Nevada Pregnant Worker's Fairness Act Poster Required
The Pregnant Worker's Fairness Act is a workers rights law poster by the Nevada Department Of Business and Industry. This is a mandatory posting for all employers in Nevada, and businesses who fail to comply may be subject to fines or sanctions.
This poster, in English, serves as a notice to inform employees of their workplace rights in the event of a pregnancy.
NV All-In-One Labor Poster: Instead of printing out dozens of posters, employers can also purchase an all-in-one poster that covers both Nevada and Federal poster requirements by clicking here .
For informational purposes only. Project supported by the Health Resources and Services Administration (HRSA) and the U.S. Department of Health and Human S ervices (HHS) under Grant No. B0 4MC29352 /B04 MC30626 , Title V Maternal Child Health Program. This information or content and conclusions are those of the author and should not be construed as the official position or policy of, nor should any endorsements be inferred by HRSA, HHS or the U.S. Government. Nevada Division of Public and Behavioral Health Pregnancy Fairness Act Senate Bill (SB) 253 of the 79 th Session of the Nevada Legislature (https://www.leg.state.nv.us/Session /79th2017/Bills/SB/SB253_EN.pdf ) The Nevada Pregnant Workers ’ Fairness Act (SB 253 of the 79 th Session of the Nevada Legislature) provides protections to female employees and applicants for employment who are affected by a condition of the employee or a pplicant relating to pregnancy, childbirth , or a related medical condition . SB 253 had an effective date upon approval, in part (employer providing written notice to existing employees) , and in full on October 1, 2017 , and aligns Nevada law with federal r equirements . The Nevada Pregn ant Workers’ Fairness Act applies to employers with more than 15 employees . This includes state and local g overnments, but may not include some employers , such as those on Indian reservations and employers who prove undue ha rdship as defined by SB 253 . Employers are required to provide reasonable accommodations to employees (and applicants for employment ) for a condition relating to pregnancy, childbirth, or a related medical condition , unless the accommodation would impose an undue hardship on the business of the employer. Lactation , or the need to express breast milk for a nursing child , is defined as a related medical condition. Pregnant women are protected from termination due to refusal of their employer to provide a rea sonable accommodation . To prove undue hardship, the employer must demonstrate the accommodation is significantly difficult to provide or expensive considering without limitation the nature and cost of the accommodation; overall financial resources of the employer, the overall size of the business with respect to the number of employees, type and location of the available facilities, and the effect of the accommodation on the operations of the employer. The Nevada Pregnant Workers’ Fairness Act m akes it u nlawful to refuse a reasonable accommodation request from an employee or applicant for employment . Employers may not take adverse employment acti on because of a request for or use of a reasonable accommodation, including refusing to promote or reinstate, or forcing employee to transfer, or other undesired actions relating to employment terms or condition. For informational purposes only. Project supported by the Health Resources and Services Administration (HRSA) and the U.S. Department of Health and Human S ervices (HHS) under Grant No. B0 4MC29352 /B04 MC30626 , Title V Maternal Child Health Program. This information or content and conclusions are those of the author and should not be construed as the official position or policy of, nor should any endorsements be inferred by HRSA, HHS or the U.S. Government. Employers many not deny employment to an otherwise qualified employee or applicant based on their need for a reasonable accommodation or require an emp loyee to either accept an accommodation they did not request or choose not to accept or to take employment leave if a reasonable accommodation is available allowing the employee to continue to work . A reasonable accommodation is described as an action rel ating to an employee (or applicant ) request for accommodation for a condition relating to pregnancy, childbirth, or a related medical condition . A timely, good faith, and interactive process to determine an effective and reasonable accommodation is requir ed . This may consist of changes in work environment, or the customary way things are carried out , and requires equal employment opportunities, along with benefits and privileges . Examples of accommodations or customary way in which things are carried out may include: modifying equipment, seating, or break schedules (frequency and duration); provision of non - bathroom space for expressing breastmilk; assistance with manual labor if manual labor is incidental to the primary work duties of the employee; light duty; temporary transfer; or restructuring a position or providing a modified work schedule. Employer s do not have to create a new position, discharge , or transfer another employee, or promote an unqualified employee . An employer may require a n employ ee to provide an explanatory statement from their physician concerning the specific accommodation recommended by the physician for the employee. Written notice must be provided by the employer relating to the employee right to reasonable accommodation for a condition relating to pregnancy, childbirth, or a related medical condition . W ritten notice shall be given to a new employee upon commencement of employment, within 10 days of employer notification of pregnancy , and employer shall post notice in a consp icuous, employee -accessible place.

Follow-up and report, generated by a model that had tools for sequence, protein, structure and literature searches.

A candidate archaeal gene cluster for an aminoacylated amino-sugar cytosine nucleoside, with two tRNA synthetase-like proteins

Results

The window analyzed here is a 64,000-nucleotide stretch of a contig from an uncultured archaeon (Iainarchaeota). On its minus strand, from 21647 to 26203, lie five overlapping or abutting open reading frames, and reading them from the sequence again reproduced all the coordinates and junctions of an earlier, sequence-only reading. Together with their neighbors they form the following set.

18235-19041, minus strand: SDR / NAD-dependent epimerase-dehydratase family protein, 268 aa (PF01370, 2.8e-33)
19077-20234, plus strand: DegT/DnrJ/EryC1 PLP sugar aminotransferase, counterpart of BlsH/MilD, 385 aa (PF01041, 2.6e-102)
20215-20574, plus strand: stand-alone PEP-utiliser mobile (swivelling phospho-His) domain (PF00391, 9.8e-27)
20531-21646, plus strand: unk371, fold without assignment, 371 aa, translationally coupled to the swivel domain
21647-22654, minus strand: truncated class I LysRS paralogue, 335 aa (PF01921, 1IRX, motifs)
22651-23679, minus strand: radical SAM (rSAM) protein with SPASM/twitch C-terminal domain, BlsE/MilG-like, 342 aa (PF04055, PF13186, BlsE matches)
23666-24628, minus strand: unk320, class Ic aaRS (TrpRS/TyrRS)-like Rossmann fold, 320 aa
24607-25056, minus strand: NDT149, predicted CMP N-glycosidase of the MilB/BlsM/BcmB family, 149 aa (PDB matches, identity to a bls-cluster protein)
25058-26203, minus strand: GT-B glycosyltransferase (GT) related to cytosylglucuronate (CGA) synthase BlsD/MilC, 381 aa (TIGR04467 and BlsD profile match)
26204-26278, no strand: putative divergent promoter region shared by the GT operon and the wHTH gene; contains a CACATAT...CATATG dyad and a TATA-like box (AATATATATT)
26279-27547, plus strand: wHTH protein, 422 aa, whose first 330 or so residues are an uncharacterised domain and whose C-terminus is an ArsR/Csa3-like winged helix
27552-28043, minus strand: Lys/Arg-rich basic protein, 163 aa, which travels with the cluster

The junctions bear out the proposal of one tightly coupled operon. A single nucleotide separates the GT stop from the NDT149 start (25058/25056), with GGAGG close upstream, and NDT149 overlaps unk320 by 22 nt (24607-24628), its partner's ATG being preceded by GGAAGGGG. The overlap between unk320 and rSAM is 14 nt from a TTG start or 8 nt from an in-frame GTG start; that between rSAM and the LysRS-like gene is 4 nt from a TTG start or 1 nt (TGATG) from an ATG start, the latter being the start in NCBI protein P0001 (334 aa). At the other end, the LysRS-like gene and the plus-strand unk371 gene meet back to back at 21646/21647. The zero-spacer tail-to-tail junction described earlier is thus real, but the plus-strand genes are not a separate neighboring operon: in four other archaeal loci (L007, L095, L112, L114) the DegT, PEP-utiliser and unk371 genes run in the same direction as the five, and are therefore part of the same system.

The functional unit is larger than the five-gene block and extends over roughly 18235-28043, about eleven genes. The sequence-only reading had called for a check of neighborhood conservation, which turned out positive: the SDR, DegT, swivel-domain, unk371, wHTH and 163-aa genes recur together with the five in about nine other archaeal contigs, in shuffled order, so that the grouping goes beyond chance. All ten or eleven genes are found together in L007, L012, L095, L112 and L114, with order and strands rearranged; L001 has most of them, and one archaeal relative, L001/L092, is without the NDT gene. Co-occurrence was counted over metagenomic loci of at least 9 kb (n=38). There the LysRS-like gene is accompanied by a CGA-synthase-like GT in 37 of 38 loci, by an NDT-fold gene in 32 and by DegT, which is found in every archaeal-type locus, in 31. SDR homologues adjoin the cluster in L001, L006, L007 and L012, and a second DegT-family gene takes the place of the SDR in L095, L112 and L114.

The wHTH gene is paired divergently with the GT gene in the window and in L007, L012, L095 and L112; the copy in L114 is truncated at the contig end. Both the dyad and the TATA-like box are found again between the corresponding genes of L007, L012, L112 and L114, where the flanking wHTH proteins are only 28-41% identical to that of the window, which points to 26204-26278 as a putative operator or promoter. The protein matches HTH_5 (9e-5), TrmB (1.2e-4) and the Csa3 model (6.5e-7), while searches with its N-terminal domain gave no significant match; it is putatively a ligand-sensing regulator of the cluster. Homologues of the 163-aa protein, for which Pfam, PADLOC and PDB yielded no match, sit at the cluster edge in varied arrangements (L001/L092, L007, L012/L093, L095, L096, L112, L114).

Other Nevada Labor Law Posters 5 PDFS
There are an additional eight optional and mandatory Nevada labor law posters that may be relevant to your business. Be sure to also print all relevant state labor law posters, as well as all mandatory federal labor law posters.
|Poster Name||Poster Type|
|Mandatory Domestic Worker's Bill of Rights||Workers Rights Law|
|Mandatory Pregnant Worker's Fairness Act||Workers Rights Law|
|Mandatory Notice to Employer of Sickness or Injury||Sick Leave Law|
|Mandatory State of Nevada Daily Overtime Annual Bulletin||Overtime Law|
|Mandatory Nursing Mother's Accomodation Act||Miscellaneous Law|
While we do our best to keep our list of Nevada labor law posters up to date and complete, we cannot be held liable for errors or omissions. Is the poster on this page out-of-date or not working? Please let us know and we will fix it ASAP.